Do you ever feel lost when it comes to internet lingo?

While the internet may be part of your daily life, you might not be as familiar with the terms associated with it. A million websites, a million words. What do you actually need to know?

Let’s start with the basics. Here are a few common broadband terms to add to your glossary:

A wireless network that uses radio frequency signals instead of wires to connect your devices (computers, smartphones, etc.) to the internet and each other.

This stands for internet service provider. An ISP is a company that provides access to the internet for both personal and business customers. TWN is an ISP!

A string of numbers that identifies a device on the internet or network. IP addresses enable the internet to differentiate between separate computers, routers, and websites, so it knows where to send emails, data, etc.

The maximum amount of data transmitted over a network within a specific amount of time. Basically, it’s how much information you can receive every second and is typically measured in Mbps. More bandwidth equals better performance!

A small piece of data that a website stores on your device. When you revisit the website, your browser sends the information back to the site. Usually, a cookie allows the site to display selected settings and targeted content.

A process in which additional or alternate network devices, equipment, and communication mediums are installed within the network infrastructure to provide network availability. This ensures there is another pathway data can travel should the main connection go down or get interrupted.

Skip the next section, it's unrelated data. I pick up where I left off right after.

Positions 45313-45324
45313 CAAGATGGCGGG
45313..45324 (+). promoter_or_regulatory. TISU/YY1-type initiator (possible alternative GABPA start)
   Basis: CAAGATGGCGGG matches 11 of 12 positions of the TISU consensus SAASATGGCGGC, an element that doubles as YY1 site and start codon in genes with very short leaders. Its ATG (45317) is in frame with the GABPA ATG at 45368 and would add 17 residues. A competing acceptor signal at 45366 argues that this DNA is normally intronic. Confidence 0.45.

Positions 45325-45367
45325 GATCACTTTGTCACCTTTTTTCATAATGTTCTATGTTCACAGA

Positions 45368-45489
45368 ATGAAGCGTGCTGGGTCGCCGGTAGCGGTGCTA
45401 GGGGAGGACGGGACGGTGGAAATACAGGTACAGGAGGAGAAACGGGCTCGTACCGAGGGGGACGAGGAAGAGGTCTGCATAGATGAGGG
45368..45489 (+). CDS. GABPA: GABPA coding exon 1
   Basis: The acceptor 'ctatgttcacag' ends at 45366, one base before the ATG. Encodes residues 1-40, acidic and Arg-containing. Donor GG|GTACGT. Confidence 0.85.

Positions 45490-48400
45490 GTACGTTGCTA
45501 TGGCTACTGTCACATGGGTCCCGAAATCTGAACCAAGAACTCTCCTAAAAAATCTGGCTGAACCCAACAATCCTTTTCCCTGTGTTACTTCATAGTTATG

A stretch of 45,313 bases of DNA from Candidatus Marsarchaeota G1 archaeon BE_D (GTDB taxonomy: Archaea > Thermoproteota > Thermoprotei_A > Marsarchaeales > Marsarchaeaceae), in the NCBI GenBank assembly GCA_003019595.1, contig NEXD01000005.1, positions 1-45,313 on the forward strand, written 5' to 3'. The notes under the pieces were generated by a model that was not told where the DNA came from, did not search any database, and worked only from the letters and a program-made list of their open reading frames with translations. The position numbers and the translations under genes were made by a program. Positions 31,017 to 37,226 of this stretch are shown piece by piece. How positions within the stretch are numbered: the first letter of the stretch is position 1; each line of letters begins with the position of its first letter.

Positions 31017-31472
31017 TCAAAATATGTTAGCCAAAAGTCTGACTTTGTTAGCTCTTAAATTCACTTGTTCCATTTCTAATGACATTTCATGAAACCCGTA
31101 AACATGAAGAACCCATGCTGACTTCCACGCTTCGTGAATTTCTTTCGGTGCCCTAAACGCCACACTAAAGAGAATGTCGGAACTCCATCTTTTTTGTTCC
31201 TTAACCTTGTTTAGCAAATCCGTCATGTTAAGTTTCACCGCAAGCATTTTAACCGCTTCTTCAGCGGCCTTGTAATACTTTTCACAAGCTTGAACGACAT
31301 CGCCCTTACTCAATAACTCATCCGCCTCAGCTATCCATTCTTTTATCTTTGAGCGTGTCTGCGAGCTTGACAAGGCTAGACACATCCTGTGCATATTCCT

The delay (or latency) between the action of the user and the reaction of the server supporting the task. Basically, it occurs when the internet connection is slow due to heavy traffic, an overloaded server, low bandwidth, etc.

The process of preloading data into a reserved area of memory, called a buffer. Related to streaming, buffering is when the software downloads a certain amount of data before it begins playing the video or music.

The process of measuring, identifying, and resolving network-related issues. It’s a repetitive and rigorous process that involves analysis and testing to ensure smooth operations.

Irrelevant or unsolicited messages sent to a large number of internet users, typically for the purpose of illegitimate advertising, retrieving personal information, or spreading viruses.

A security device that monitors incoming and outgoing network traffic. It decides whether to allow or block traffic based on a defined set of security rules. A firewall basically prevents unauthorized access to a secure, internal network.

Any software that installs itself on your computer and begins to monitor your online behavior without your knowledge or permission. It secretly gathers information about you and relays it to a third party. Spyware can be prevented by the use of antivirus software.

The smallest unit of computer information. Bits are used to measure internet speed. The rate at which data travels through a network connection is usually measured in units of bits per second (bps).

A byte is a sequence of eight bits that are treated as a single unit. Bytes are used to measure data. Most computer systems process and store data in bytes (B).

This acronym stands for virtual private network. With a VPN, internet traffic goes through an encrypted tunnel. VPN services establish secure connections to provide greater privacy than even a secured Wi-Fi hotspot.

Stay in the know when it comes to broadband lingo! To learn more about fast, reliable internet from TWN, visit

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